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Ground level concrete slab subfloor

 

Slab types 
Different types of slabs will suit different soil types and house designs.

What is a ground level concrete slab sub floor?

A ground level slab is a large flat stretch of concrete, usually between 100 – 500mm thick which forms the foundation of your house. The type of slab you use (and even whether or not a slab is appropriate) will depend on the nature of the soil on your land and what kind of house you intend to build.

 

What is a slab subfloor made of?

Slab subfloors are primarily made of concrete, though other materials like steel mesh or rebar are also incorporated to add strength. To improve stability, the slab typically sits on a bedding of building sand and will require a plastic vapour barrier.

 

What types of slab floors are there?

There are several different variations in slabs. The type of slab you’ll need will depend on the type of soil you’re building on, and how reactive it is. These types can be divided into many sub-categories, which depend on the type of materials that exist down to a certain depth in the soil you're building on. Generally, the following classifications are used:

 

 

Different classes of soil        
  • Class A - This denotes very 'stable' ground - mostly sand and rock, not affected by moisture
  • Class S - Slightly reactive soil, slight movement due to moisture
  • Class M - Moderately reactive soil, moderate movement due to moisture
  • Class H - Highly reactive soil, a high amount of movement due to moisture
  • Class E - Extremely reactive soil, extreme movement due to moisture
  • Class P - 'Problem' soil, which experiences land slip, mine subsidence and so forth. If you are building on Class P site you will typically need to consult an engineer.

 

There are many different types of slabs too, but the most common variations are:

Slab on the ground - This is the simplest type of slab. It incorporates stiffening beams made from pre-poured concrete in trenches around the outside of the slab, and has a slab thickness of 100mm. This type of slab is suitable for Class A and Class S sites.

Stiffened raft slab - Similar to the slab on the ground, but also has pre-poured concrete beams set in channels through the middle of the slab, creating a kind of supporting grid of concrete on the base of the slab. Most slabs in Australia are stiffened raft slabs. The slabs may also need additional concrete footing embedded in the soil, depending on the soil type, and are generally suited to Class M, Class H and Class E soils.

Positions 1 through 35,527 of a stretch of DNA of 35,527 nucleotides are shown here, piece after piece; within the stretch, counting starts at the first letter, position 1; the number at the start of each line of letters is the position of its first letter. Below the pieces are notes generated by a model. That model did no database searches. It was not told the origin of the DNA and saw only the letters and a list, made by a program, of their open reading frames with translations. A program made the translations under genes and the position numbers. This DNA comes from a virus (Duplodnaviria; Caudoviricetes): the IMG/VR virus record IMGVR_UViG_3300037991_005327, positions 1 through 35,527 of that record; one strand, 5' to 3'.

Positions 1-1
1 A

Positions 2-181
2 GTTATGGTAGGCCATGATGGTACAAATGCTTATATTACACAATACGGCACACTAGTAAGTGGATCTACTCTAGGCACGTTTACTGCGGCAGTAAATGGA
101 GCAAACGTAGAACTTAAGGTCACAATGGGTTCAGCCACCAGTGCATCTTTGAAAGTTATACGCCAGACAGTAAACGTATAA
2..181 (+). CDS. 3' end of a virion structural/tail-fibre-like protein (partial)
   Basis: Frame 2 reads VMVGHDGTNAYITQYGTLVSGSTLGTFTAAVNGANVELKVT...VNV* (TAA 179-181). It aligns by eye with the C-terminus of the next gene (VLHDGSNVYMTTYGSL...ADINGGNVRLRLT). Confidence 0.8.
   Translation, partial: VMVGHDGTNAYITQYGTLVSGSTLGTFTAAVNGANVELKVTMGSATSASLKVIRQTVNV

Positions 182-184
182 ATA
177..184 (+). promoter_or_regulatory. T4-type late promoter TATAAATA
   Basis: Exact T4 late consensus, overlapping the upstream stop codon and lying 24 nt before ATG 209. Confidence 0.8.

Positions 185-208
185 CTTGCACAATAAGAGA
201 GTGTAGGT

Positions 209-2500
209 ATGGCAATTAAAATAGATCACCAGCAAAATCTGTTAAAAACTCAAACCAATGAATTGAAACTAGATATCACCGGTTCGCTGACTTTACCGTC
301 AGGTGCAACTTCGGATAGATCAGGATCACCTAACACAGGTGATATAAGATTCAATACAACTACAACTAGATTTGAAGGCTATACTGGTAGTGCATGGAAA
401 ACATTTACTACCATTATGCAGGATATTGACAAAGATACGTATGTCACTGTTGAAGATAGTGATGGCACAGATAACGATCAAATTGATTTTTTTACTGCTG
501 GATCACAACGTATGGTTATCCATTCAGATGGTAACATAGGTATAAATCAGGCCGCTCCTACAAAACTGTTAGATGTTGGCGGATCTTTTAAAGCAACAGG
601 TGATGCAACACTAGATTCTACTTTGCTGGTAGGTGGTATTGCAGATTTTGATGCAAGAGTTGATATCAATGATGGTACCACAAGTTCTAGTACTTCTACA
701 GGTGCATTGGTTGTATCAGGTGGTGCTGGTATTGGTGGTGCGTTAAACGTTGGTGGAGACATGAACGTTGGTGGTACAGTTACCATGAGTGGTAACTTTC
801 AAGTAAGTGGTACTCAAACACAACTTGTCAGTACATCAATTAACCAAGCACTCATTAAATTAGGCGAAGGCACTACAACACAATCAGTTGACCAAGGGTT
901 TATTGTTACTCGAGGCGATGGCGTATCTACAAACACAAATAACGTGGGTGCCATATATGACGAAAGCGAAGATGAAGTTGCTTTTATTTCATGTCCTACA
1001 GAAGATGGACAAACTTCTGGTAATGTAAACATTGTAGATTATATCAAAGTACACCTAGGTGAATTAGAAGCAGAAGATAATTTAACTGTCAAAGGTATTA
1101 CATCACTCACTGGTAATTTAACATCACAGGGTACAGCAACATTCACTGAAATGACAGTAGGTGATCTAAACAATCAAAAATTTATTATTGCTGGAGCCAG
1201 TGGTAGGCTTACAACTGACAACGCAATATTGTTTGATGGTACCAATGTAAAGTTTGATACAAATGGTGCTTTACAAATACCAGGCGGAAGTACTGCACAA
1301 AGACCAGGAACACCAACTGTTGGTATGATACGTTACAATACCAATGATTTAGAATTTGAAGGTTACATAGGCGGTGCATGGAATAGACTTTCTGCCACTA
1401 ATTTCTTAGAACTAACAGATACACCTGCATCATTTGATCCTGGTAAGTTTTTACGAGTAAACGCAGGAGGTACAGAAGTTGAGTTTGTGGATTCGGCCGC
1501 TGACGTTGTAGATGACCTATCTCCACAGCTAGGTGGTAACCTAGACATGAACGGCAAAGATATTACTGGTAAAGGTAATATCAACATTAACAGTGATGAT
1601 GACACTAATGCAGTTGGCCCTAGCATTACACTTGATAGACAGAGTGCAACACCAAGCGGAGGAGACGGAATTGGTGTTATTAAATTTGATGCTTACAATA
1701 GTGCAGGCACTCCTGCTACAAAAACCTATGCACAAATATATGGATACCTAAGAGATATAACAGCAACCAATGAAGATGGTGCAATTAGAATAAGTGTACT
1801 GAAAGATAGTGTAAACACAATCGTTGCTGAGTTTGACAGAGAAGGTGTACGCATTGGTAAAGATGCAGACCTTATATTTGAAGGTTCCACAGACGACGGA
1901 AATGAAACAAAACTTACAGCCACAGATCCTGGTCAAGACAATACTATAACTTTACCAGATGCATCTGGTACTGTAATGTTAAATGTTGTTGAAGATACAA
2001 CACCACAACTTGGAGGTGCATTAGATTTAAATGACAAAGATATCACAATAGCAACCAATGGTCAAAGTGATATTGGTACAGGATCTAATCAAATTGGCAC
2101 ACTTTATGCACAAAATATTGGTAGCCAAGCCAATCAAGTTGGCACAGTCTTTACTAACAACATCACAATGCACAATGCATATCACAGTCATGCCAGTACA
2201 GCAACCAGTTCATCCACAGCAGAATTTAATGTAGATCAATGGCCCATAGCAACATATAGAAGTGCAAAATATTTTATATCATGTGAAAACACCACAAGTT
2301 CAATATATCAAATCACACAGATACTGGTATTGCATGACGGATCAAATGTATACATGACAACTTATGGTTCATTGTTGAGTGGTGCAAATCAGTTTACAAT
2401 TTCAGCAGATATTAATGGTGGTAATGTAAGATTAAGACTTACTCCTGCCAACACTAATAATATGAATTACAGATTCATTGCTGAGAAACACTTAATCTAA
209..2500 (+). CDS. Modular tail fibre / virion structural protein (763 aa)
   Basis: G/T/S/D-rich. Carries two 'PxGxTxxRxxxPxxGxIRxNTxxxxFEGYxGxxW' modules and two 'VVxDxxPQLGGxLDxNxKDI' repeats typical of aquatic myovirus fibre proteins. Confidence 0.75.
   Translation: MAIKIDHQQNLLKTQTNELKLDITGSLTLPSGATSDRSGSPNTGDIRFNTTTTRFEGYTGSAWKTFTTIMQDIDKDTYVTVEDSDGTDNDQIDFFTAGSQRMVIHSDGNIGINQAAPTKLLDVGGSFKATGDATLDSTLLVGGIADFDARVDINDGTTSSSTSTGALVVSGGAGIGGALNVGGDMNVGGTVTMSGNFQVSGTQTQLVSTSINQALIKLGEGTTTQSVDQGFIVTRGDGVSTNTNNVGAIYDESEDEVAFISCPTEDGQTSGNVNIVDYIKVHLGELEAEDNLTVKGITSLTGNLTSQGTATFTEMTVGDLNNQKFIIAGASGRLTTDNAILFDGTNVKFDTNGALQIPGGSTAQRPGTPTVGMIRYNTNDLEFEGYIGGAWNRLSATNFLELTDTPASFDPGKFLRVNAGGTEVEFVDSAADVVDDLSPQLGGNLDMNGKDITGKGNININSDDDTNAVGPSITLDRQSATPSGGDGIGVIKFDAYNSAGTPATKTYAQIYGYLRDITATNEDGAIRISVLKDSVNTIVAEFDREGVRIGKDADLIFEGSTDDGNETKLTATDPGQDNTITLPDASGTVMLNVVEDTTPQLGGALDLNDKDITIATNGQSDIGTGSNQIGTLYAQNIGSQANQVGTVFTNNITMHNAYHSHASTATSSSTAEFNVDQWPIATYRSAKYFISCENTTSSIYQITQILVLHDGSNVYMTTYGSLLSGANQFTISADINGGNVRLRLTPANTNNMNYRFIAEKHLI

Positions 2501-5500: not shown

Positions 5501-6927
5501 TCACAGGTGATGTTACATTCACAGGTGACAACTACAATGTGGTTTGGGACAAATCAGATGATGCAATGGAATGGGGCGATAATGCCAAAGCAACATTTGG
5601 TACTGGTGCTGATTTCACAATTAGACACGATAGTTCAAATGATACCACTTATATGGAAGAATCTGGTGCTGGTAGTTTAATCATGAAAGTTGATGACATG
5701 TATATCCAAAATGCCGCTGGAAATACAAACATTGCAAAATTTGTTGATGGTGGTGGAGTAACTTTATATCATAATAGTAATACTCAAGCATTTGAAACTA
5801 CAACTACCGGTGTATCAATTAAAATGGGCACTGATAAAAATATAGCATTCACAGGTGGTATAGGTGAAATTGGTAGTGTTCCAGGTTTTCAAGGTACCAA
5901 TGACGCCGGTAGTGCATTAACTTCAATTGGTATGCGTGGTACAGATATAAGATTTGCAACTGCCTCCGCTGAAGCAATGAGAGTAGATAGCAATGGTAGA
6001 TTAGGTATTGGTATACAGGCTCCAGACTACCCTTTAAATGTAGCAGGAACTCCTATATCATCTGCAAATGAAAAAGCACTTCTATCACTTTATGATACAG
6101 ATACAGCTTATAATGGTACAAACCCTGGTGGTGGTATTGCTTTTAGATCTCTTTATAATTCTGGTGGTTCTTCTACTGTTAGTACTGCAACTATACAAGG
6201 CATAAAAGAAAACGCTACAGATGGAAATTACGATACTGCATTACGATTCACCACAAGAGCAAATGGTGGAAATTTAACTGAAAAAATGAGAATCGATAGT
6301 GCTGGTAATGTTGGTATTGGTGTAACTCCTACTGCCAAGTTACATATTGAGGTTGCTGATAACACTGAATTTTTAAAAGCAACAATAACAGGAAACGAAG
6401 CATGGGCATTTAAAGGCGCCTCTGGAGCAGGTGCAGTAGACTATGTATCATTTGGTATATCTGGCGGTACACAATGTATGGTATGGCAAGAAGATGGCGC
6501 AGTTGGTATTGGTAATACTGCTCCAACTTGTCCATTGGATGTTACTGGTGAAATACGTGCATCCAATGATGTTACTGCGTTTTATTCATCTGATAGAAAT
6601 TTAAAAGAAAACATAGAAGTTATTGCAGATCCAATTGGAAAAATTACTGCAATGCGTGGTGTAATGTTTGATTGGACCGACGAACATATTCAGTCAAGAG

Waffle raft slab (also known as a waffle pod slab) - These slabs are constructed entirely above the ground by pouring concrete over a grid of polystyrene blocks known as 'void forms'. Waffle raft slabs are generally suitable for sites with less reactive soil, use about 30% less concrete and 20% less steel than a stiffened raft slab, and are generally cheaper and easier to install than other types (even in bad weather). These types of slab are only suitable for very flat ground. On sloping ground or with more complex designs, a stiffened raft slab is normally the better option. Waffle raft slabs are well suited to reactive clay sites in particular, because they're not embedded in the ground like stiffened raft slabs. Waffle raft slabs are best suited for Class A, Class S, Class MClass H and Class E soils (although you may wish to consult an engineer about the suitability of the slab for very reactive soils).

Pier and slab - On sites with more reactive soils, it's common for concrete piers to be sunken into the soil to improve stability. This is normally done by digging holes at intervals and depths determined by an engineer, then pouring concrete into them and attaching the slab to these piers.

 

Waffle raft slab 
A waffle raft slab under construction.
Image courtesy of Robert Ditterich

How is a concrete slab sub floor installed?

For a standard slab on the ground, first the site is scraped back to the soil, keeping it as level as possible and ridding it of all plant matter. Then, formwork is put up around the edges of the slab to prevent the concrete from spreading. Trenches are dug around the edges for all stiffening beams, and bedding sand is laid down to level things out. A plastic vapour barrier is used to coat the site and prevent dampness from rising through the slab. Rebar or mesh is then spread out to cover the area. In some situations a layer of gravel may be laid down to provide a solid base. The concrete is then poured on top, spread out and levelled.

Housing slabs should ideally be left for 28 days to cure; this gives the slab extra strength and helps prevent cracking.

 

Where are ground level concrete slab subfloors used?

Ground slabs are very common these days and can be found almost anywhere in Australia where there is ready access to concrete. These foundations are generally used to support heavier building materials like brick and steel.

 

Advantages
  • Extremely durable and hardy base for a floor
  • Typically well insulated, because the underside of the floor is not exposed
  • No maintenance once the concrete has cured
Disadvantages
  • Impossible to access piping once the slab has cured
  • Cracks can cause major structural damage, and may be unrepairable
  • Can increase unwanted noise
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